What is RSS?

rss_largeRSS stands for Really Simple Syndication.  RSS feeds are a quick and easy way to get real-time information from multiple Web sites in one place!

For example, if you visit three different Web sites daily for news and information, you can subscribe to these three RSS feeds for free and receive their up-to-date news via one Web site.

Find a feed reader, a simple tool.

In order to subscribe to an RSS feed, you will first need a feed reader—a tool you will use to subscribe to RSS feeds and to receive up-to-date information from them.  There are many different free feed readers—some common ones are: My Yahoo!, iGoogle, and My MSN. Depending on the feed reader you choose, you may need to create a user account.

Here are two examples of how to get started using iGoogle and Google Reader. (To use either iGoogle or Google Reader, you will need a Google account. If you have a Gmail account, then you already have a Google account.)

  • Go to www.google.com.
  • In the upper right hand corner of the page, click Sign in.
  • Next, click on Create an account now in the small blue box on the right.
  • Fill in the short form and click I accept. Create my account.

That’s it! You now have a Google Account. Don’t forget your password!

Subscribe to a feed.

It’s easy—first, you grab your feed.

To subscribe to an RSS feed, you can make a quick visit to the news or information site whose information you’d like to see. Let’s grab the RSS news feeds from CNN as an example.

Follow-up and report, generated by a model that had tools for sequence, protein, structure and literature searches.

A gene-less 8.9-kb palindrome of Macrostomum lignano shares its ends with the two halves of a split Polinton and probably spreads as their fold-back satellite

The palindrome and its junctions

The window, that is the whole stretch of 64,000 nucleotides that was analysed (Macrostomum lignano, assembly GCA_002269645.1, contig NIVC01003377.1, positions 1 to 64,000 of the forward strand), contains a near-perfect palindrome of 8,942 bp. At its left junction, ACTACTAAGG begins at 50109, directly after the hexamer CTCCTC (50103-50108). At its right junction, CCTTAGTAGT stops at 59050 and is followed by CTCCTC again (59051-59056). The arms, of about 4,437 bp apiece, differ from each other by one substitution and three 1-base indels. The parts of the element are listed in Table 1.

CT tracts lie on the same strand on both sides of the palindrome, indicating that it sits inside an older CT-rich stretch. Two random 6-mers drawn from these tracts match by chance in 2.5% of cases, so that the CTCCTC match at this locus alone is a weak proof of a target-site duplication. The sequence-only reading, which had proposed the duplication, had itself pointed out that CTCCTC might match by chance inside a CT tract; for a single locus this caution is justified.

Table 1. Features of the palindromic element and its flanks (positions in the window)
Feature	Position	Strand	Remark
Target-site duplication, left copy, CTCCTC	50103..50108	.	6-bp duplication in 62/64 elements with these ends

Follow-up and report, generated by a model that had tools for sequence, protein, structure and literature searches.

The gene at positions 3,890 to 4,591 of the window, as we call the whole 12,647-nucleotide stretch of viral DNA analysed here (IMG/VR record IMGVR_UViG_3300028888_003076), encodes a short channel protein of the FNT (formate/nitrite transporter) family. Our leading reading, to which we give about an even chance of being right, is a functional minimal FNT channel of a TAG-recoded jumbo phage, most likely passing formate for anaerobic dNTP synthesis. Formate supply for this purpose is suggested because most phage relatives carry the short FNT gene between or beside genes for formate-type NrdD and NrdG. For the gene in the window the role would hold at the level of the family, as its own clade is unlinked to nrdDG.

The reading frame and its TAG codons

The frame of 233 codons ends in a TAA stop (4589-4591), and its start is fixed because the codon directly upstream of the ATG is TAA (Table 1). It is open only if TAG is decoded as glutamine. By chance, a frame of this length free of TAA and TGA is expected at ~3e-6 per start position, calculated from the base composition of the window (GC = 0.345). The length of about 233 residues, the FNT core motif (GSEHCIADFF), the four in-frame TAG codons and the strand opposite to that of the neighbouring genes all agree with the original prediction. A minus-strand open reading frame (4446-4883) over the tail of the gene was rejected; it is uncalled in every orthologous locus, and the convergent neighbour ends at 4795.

• Go to www.cnn.com
  • Every Web site keeps their RSS feeds in different places—many sites place an orange square (pictured above) next to their feeds, making them easy to find. On CNN, if you scroll down almost to the bottom (where you see the big red links on the left), you’ll see a link that says RSS Feeds. Click that link.
  • There will be a long list, by category, of all CNN’s RSS feeds.
  • Pick the feed you would like to subscribe to, and simply highlight the feed’s URL (each feed begins with “http://rss.cnn.com/rss/”).
  • Copy the URL to your clipboard. (Ctrl-C on a PC, Apple-C on a Mac.)
  • That’s it—you’ve grabbed your RSS feed!

Next, put the feed into a feed reader.

Here’s how you can do it with iGoogle, where your feeds will appear on a customizable homepage:

  • Go to Google.com and sign in.
  • In the upper right hand corner, click iGoogle.  If you have not used iGoogle before, you will see default blocks of information provided by Google (in Figure 1 below the blocks are: Movies, How to of the Day, Weather, etc.). To delete any of these blocks, simply click the “x” in the upper right hand corner of the block (see Figure 2 below). As you subscribe to new RSS feeds, they will appear as new blocks.
  • To add your RSS feed, click Add stuff (on the right).
  • Then, click the link on the left that says, Add feed or gadget.
  • Paste your feed into the box. (Make sure that “http://” appears once after you have pasted your feed.)
  • Click Add.
  • To see your feed, click Back to iGoogle home at the of the page.

You also can do it with Google Reader, where your feeds will be displayed as a list:

  • Sign into Google.
  • Click on More at the top of the screen—on the drop-down list that appears, click Reader (toward the bottom).
  • Google Reader, by default, will look like Figure 3 below.
  • To add your subscription, click Add a subscription (on the green bar at the left).
  • Paste your feed into the box.
  • Click Add.
  • That’s it, you have subscribed to a feed!

Figure 1. (iGoogle by default)

    igoogle

Figure 2. (Example of an iGoogle block)

    rss-figure-2-copy

Figure 3. (Google Reader by default)

igoogle_reader

Watch a video about RSS Feeds!